Renovation at What Cost?

Nabe Blogger AgeBuster notes that many current brownstone renovators – most notably someone on Willow Street – are going too far when gutting their new homes:

AgeBuster: Endangered Brownstones: Lately, we’ve noticed something distressing. Hedge-fund moneymen (billionaires?) with dollars bulging in their pockets, are buying these brownstones and completely gutting them. They obviously love the Heights as an ideal home base to Wall Street, their business base, right across the river.There has been a case of a money man buying a house, gutting it, rebuilds the insides, finds he doesn’t like it, and moves to another house. Someone has just bought the beautiful Victorian house across the street from us. We watched as the sculpted walls, luxurious staircases, marble fireplaces were thrown like junk into a dumpster outside. Neighbors are upset. Watching the destructon through our windows, we are disconsolate.

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  • yo

    walk down sidney place one day – no less than 5 or 6 buildings on the short block are being completely gutted…

  • AliG

    f*ckers. I live on Remsen and three brownstones on our block are currently being gutted and renovated. Two of them look to be restorative which is nice.
    What gets me is their blatant disregard for their future neighbors. I wake up to their hammering and sawing..and on weekends, too.

  • Andrew Porter

    One building on Middagh which was part of the Brooklyn Heights house tour last year fits that: the one the formerly had asphalt shingles. There’s nothing left of the interior and it’s modern in every aspect. Ditto the place around the corner, on the west side of Hicks between Cranberry and Middagh. Although they restored the stoop, he interior is totally modernized (though they may have retained the fireplaces). This is an alarming trend in the neighborhood, but one that Landmarks would seem powerless to prevent. As long as the exterior is unchanged, or looks like it used to, or is restored to an older, previous condition, no law prevents this.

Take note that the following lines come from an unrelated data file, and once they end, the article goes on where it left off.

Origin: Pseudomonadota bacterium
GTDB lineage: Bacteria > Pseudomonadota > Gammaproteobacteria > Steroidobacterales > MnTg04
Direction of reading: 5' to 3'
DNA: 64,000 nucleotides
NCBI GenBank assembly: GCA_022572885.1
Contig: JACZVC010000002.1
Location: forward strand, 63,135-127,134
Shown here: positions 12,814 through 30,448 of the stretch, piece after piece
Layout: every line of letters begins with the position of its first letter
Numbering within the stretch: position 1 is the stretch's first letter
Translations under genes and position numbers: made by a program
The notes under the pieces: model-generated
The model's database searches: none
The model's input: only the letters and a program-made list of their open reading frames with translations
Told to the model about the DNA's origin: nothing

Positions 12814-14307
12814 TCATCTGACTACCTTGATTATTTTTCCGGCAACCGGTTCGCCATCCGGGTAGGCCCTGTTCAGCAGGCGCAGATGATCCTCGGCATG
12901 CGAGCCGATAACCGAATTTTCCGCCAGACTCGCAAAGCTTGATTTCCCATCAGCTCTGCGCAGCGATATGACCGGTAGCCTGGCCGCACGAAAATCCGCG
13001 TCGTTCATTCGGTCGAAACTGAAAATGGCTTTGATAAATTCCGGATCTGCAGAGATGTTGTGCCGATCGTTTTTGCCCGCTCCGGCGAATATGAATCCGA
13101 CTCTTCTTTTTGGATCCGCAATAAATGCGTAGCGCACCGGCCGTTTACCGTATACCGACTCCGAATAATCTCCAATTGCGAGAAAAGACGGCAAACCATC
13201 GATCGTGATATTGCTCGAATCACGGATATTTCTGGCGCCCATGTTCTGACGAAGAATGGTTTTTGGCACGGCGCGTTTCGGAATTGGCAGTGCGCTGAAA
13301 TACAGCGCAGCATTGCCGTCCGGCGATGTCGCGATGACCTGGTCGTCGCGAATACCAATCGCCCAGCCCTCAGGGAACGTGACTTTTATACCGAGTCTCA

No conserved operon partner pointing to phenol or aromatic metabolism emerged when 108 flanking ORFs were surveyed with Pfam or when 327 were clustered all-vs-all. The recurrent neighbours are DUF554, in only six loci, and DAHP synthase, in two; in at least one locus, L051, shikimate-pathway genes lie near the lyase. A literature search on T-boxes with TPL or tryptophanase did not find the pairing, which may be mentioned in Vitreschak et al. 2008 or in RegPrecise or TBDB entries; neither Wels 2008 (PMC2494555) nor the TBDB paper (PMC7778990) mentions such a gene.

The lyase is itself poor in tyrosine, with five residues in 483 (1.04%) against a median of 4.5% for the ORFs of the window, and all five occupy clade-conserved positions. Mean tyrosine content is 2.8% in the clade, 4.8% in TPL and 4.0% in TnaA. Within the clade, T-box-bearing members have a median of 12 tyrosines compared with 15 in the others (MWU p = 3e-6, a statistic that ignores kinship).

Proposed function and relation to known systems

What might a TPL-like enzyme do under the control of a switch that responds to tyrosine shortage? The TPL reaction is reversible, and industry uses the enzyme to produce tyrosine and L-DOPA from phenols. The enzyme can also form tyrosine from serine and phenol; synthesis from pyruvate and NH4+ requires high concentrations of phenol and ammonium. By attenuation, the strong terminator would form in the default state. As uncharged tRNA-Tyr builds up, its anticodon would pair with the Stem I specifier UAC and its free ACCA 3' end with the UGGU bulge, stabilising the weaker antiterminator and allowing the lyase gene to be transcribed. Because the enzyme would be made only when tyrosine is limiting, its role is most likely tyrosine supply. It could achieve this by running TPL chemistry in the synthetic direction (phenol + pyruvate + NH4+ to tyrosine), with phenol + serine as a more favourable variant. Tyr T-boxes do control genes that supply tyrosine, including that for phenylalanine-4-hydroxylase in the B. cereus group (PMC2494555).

On the other hand, I continue to be impressed by the efforts to restore/renew the former office and laundromat house at the SW corner of Hicks and Crtanberry.

  • Cyrus P. Smith

    I’d agree that it’s a shame if period moldings, stairs, mantles, etc. are tossed. However, although I haven’t seen the house on Willow Street mentioned above, I find it hard to believe that even if the owners are getting rid of this stuff, that they’re just dumping it – these pieces have high salvage value.

    As for the house on Middagh Street, I don’t think that points to any alarming trend. I believe that the inside of that house had been given a charming 1950’s interior to match the asphalt shingles on the outside. Even assuming there had been something worth saving in that house at one point, it had been gone for 50 years by the time they did the recent renovation. Don’t know about the place with the stoop you mention but I’d guess the same thing. These were all places that had been converted into rooming houses in the 1930’s when the Heights turned pretty seedy. Not every house is an ugly duckling mansion just waiting to be reborn – some of these places are just plain ugly on the inside and nothing worth preserving.

    The house on the corner of Cranberry and Hicks looks nice. Although I note that if you’ve ever looked inside, they’re doing the same gut renovation that you complain about for the other houses. They took it down to the studs and joists and left nothing.